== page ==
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Senator Daniel K. Akaka, the Chairman at that time and now a Senior Committee Member, believes this obligation ultimately belongs to the federal Government as part of the cost of war. He championed legislation in S.1963, the Caregivers and Veterans Omnibus Health Services Act, to help caregivers of severely wounded veterans. After a long and sometimes difficult debate, provisions drawn from his bill were signed into law as the Caregivers and Veterans Omnibus Health Services Act of 2010, Public Law 111-163, on May 5, 2010.
Once implemented, these new caregiver provisions will help VA fulfill its obligation to care for the nation’s wounded veterans by providing their caregivers with training, counseling, supportive services, and a living stipend. The new law also provides health care to family caregivers under VA’s CHAMPVA program and requires independent oversight of the caregiver program.
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"…[S]ince the founding of our nation, women have always played a role in our military, and that role, of course, has changed over time, and, in today's conflicts, women are playing a far different and far greater role."—Senator Murray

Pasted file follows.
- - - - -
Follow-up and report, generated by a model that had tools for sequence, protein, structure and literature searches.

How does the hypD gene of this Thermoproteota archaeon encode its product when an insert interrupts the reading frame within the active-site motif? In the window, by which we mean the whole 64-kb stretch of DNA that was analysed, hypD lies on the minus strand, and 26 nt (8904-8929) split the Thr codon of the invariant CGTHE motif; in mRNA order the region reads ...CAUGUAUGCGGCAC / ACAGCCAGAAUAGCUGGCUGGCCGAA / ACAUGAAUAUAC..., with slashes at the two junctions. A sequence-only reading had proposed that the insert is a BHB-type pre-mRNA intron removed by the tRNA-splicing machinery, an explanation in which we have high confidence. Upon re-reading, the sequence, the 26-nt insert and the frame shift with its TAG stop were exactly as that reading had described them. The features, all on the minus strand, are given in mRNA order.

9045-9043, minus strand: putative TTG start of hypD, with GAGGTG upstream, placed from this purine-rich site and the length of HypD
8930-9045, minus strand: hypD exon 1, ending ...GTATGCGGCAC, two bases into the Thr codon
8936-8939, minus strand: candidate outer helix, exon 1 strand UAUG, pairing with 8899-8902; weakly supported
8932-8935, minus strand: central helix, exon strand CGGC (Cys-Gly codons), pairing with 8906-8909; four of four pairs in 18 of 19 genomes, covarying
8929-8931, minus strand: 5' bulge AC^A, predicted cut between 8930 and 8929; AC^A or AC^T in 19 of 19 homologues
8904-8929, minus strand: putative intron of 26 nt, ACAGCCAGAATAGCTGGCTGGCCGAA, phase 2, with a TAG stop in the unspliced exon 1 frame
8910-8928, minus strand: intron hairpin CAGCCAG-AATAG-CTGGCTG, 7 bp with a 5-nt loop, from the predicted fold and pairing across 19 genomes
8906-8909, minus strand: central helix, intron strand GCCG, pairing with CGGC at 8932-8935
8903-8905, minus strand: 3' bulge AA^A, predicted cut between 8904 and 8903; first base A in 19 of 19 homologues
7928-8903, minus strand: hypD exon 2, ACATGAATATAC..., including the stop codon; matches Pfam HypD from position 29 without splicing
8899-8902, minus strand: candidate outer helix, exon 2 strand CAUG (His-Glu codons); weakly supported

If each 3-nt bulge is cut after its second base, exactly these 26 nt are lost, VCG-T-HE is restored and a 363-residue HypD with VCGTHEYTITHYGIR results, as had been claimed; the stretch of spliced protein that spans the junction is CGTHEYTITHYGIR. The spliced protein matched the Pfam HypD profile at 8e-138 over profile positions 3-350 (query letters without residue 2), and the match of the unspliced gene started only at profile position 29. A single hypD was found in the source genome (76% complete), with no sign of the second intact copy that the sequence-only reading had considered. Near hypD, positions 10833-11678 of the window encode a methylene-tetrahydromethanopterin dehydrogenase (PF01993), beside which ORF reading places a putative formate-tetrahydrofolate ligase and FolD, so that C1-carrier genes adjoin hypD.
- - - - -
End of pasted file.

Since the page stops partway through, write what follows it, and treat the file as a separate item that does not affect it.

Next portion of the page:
Women veterans are the fastest growing segment of the veteran population. In 1988, they made up approximately four percent of the veteran population; today, women comprise nearly eight percent of all veterans, and their numbers are expected to rise substantially in coming years.
In the 1980’s, VA began to look more at how it was providing medical and psychological services to women veterans and began taking steps to improve gender specific services. Although 144 VA medical centers now have a full- time women veterans program manager, in a system that has been predominantly male for so long, more needs to be done to ensure that women have access to high quality care that meets their specific needs.
On July 14, 2009, the Committee head a hearing entitled Women Veterans, Bridging the Gap in Care to examine issues related to care for women veterans.
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During the 110th Congress, the Committee approved legislation that Chairman Patty Murray, then a senior Committee Member, authored in S. 597, the Women Veterans Health Care Improvement Act of 2009. This legislation aimed to enhance the understanding of women veterans need for health care and to improve the delivery of care to women veterans. Provisions from S. 597 were enacted on May 5, 2010, as part of Public Law 111-163, the Caregivers and Veterans Omnibus Health Services Act of 2010.
Provisions for women veterans in the new law include the following:
• require VA to report to Congress on a comprehensive assessment of the barriers to providing health care to women veterans;
• authorize VA to provide health care to a newborn child of a qualifying woman veteran for up to 7 days after the birth of the child;
• require VA to train its mental health providers in the treatment of military sexual trauma; and
• mandate that VA implement pilot programs to provide child care to women veterans receiving medical care, and to provide readjustment services to women veterans.